China and EU Signed an Investment Agreement

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The EU and China have unveiled a long-awaited investment treaty this Wednesday. Both parties will dedicate themselves to the drafting of the final agreement. It has to be ratified by the European Council and the EU Parliament. 

However, many MEPs distrust a rapprochement with China. They take into account the end of Hong Kong’s autonomy and the repression of Uighur Muslims in the Chinese northwest.  

The United States and Joe Biden could pressure the EU to renounce this rapprochement.  

What is it about?

It is not a free exchange agreement on commercial transactions.  Rather it is a text that seeks to guarantee entrepreneurs’ conditions of activity when they invest in the EU and in China.

The discussions about the agreement started in November 2013 during a visit to Beijing by Hermann Van Rompuy. Then-President of the European Council went to a summit with Chinese Prime Minister Li Keqiang. Since then, 35 negotiating sessions have been held, ten of them in 2020. 

The sums at stake are considerable. Europeans’ volume of investments in China rises to about 150,000 million euros (about $183,000 million). Chinese investments in the EU reached 113,000 million euros (about $138,000 million).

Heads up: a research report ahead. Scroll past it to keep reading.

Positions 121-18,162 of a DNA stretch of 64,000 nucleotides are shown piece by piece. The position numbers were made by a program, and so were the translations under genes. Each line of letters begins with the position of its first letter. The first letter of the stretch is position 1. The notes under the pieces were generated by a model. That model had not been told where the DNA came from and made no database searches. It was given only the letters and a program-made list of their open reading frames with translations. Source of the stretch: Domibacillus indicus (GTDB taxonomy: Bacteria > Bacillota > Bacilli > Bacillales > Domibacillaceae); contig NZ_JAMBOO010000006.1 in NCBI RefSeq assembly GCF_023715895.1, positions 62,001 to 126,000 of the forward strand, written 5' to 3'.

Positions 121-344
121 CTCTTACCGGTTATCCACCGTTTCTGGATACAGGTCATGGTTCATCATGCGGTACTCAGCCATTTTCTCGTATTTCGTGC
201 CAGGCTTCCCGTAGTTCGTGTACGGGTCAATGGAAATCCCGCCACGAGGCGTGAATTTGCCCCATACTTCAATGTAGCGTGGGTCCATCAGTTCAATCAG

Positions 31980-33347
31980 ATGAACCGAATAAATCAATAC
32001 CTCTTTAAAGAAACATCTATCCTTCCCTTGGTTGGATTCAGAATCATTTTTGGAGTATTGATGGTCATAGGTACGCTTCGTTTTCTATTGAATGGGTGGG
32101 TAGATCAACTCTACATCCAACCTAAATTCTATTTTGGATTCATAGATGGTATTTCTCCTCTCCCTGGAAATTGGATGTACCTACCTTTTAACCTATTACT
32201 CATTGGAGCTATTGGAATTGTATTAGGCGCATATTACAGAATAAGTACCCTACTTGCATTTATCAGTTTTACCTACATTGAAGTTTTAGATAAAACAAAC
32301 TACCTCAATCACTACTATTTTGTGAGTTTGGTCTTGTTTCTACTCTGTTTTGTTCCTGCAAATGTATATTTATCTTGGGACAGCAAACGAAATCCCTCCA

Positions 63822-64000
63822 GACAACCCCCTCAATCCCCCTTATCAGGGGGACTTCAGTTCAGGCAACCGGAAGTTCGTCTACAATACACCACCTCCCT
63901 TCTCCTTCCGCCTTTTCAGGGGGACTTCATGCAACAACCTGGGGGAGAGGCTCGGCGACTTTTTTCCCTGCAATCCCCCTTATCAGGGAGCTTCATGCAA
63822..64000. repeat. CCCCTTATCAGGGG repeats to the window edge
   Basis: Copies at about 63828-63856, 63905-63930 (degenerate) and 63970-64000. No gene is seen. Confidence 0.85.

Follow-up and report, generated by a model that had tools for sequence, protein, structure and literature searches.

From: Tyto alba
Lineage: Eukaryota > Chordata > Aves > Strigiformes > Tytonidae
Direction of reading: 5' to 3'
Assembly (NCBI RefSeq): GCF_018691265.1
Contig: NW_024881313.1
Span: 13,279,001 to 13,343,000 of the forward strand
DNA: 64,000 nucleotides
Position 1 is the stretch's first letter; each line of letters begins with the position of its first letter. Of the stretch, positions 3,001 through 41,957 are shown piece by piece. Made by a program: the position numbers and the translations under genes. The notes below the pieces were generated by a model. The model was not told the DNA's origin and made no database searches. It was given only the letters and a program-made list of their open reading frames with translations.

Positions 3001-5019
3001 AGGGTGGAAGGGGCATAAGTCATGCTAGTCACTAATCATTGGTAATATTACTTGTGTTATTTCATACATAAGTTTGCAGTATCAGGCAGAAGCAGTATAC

In the last ten years, Europeans invested an annual average of more than 7 billion euros in China. At the same time, the Chinese invested about 5.6 billion euros in the EU.

The European Union has long been China’s first trading partner, which in turn became the EU’s first partner in the third quarter of this year, ahead of the United States.

What is the interest of both parties?

According to Brussels, the agreement will balance the commercial relationship between the two powers and offer unprecedented access to the Chinese market. Europeans want their companies to be treated in the same way in China as the Asian giant’s companies in the EU.

China suffers from the protections applied by the Europeans for its strategic sectors. Its global smartphone leader, Huawei, was excluded from the 5G network equipment market in many EU countries. Beijing demands guarantees of access to public markets in the EU and sectors such as telecommunications and energy infrastructure.

As it continues its trade war with the United States, China seeks to side with Europeans, ahead of President-elect Joe Biden’s inauguration, which could strengthen the Western camp. For this reason, it offered at the last minute advances in terms of access in sectors such as finance, telecommunications, private hospitals or transport, to convince Europeans.

The EU suffered the trade truce signed in January 2020 between the Americans and the Chinese, fearing to be left out. That is why Brussels is interested in ensuring its presence in the Chinese market.

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